Endowed in perpetuity by the Glenna Luschei Fund for Excellence

Schoonering Through Nebraska

A Blog of Sorts

Kwame Dawes and Marianne Kunkel are embarking on a goodwill tour across Nebraska, from public library to public library to connect people with the journal and to celebrate the value of the literary arts in the states. Along the way, they are blogging about their journey. This is Kwame’s fifth blog entry after his visit to Stromsburg, Nebraska.

Stromsburg, NE
Pop. 1,171

One of the good fortunes of reading at a library with a book club is that they will, if convinced, en mass to the reading, and they have already become a single organism with the instinct of humor or empathy as a well-shaped and practiced collective. This is what met us at the Stromsburg public library on the north eastern plains of Nebraska. As a result we had a great turnout and a lively and engaging audience.

This next leg of our run included Dave, Marianne's husband. He and Marianne shared the driving while Lorna and I relaxed in the back seat of their Forrester. Next time we will seek some sponsorship from Subaru in exchange for generous product placement spots throughout our blogs.

Apart from the pleasure of discovering people who have deeply intriguing questions to ask about writing, about the journal, and about the inspiration for poetry, occasionally one can discover small tidbits of a town's history that can be quite fascinating on these tours. The Swedish-American town Stromsburg had its own gift.

Kathy Nelson, one of the ten or so people who gathered in the small but comfortable meeting room to the side of the library, handed me a card that identifies her in large print as "George Flippin Historian." It may well be a conversation starter but my sense, on meeting her, was that this was more than a passion for her. George Flippin, for a long time a part of the only black family in Stromsburg, a nineteenth-century Cornhusker football star, a trailblazing medical doctor, and the son of a former slave and Union soldier who saw action in the colored infantry of the Civil War, is someone she wants to write about. She knows virtually everything that can be known about him, and she told us so much in the short time we spent together in the library at Stromsburg. I assured her, with complete sincerity, that she is doing research on a genuinely fascinating and immensely publishable subject. And as she maneuvered her motored seat through the library, I told her that I could not wait to see the book.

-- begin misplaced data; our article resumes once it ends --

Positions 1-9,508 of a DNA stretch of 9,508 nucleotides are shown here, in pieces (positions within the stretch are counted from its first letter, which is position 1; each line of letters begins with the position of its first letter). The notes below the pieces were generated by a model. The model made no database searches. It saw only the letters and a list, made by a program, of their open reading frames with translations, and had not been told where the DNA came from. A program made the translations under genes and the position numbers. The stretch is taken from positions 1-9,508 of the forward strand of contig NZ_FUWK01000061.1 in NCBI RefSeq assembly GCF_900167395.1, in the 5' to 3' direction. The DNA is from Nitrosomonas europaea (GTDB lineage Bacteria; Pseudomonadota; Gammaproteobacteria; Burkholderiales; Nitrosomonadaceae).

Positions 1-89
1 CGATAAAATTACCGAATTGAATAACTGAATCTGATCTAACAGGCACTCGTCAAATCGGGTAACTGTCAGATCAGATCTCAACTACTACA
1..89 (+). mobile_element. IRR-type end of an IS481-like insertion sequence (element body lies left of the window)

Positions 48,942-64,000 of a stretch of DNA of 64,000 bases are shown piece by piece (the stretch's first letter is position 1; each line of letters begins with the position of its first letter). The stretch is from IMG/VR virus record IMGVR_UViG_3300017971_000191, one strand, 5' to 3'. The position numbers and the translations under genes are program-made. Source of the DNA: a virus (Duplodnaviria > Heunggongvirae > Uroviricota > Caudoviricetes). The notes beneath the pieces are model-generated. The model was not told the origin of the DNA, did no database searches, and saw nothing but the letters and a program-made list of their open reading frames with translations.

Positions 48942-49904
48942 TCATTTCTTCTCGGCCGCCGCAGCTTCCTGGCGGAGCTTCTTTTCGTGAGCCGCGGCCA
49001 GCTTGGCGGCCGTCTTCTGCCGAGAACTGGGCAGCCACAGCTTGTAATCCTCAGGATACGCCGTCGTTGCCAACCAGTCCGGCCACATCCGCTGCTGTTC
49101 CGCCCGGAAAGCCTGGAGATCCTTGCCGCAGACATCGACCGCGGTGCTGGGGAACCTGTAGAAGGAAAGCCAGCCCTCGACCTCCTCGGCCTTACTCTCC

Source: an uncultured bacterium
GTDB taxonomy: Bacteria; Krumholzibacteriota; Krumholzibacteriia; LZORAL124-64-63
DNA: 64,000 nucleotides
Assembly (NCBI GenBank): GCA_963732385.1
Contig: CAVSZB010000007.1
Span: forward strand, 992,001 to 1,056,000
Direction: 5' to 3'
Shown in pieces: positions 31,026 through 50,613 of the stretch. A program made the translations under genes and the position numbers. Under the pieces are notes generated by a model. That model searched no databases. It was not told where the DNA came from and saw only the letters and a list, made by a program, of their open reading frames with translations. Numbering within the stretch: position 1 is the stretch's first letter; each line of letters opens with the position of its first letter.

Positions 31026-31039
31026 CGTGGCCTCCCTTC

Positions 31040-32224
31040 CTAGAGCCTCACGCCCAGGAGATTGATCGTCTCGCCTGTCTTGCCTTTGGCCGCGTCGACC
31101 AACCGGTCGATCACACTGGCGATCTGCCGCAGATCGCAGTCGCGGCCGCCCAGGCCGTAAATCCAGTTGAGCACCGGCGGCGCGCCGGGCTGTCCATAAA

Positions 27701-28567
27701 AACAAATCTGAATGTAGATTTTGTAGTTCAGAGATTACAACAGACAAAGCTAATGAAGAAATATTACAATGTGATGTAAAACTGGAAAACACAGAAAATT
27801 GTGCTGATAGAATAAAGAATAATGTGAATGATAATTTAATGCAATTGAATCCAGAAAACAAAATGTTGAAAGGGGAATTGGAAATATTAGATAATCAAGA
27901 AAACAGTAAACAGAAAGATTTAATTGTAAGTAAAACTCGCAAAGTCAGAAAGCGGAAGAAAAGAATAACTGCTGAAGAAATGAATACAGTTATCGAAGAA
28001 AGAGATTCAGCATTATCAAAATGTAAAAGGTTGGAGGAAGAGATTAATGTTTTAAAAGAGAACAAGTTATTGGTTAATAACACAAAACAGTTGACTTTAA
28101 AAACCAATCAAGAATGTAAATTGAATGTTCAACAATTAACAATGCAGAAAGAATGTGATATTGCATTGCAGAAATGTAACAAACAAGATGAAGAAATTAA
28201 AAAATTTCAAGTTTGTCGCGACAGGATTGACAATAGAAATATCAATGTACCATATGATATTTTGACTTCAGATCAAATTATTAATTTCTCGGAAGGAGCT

It turns out that University of Nebraska-Lincoln has honored Flippin in various ways on campus, including a monument at the football stadium and in at least one other building.

The librarian, Diana Johnson, said she had found in the vaults a set of Prairie Schooners dating over a decade between the eighties and nineties. She mentioned that she found a few familiar names featured in a 1993 issue that she browsed, including our own Timothy Schaffert. The women nodded with recognition. Tim, for those who might not know, is something of a fiction celebrity across Nebraska.

This gave us the in to encourage the librarian who has oversight of a brightly lit and well-designed medium-sized space to renew its subscription to Prairie Schooner. That kind of interest is what has made our tour so worthwhile.

On the far side of a park square in the middle of town, an old-fashioned marquee announced the reading in bold, sizable letters. Very nice. And in that same park we could not ignore a small vendor's kiosk advertising popcorn for 10 cents a bag. We bought three small bags of the freshly popped corn and munched as we drove out of Stromsburg.

A town, no matter how small, can be known for any number of things. Stromsburg could do worse than being the hometown of George Flippin and his historian, Kathy Nelson.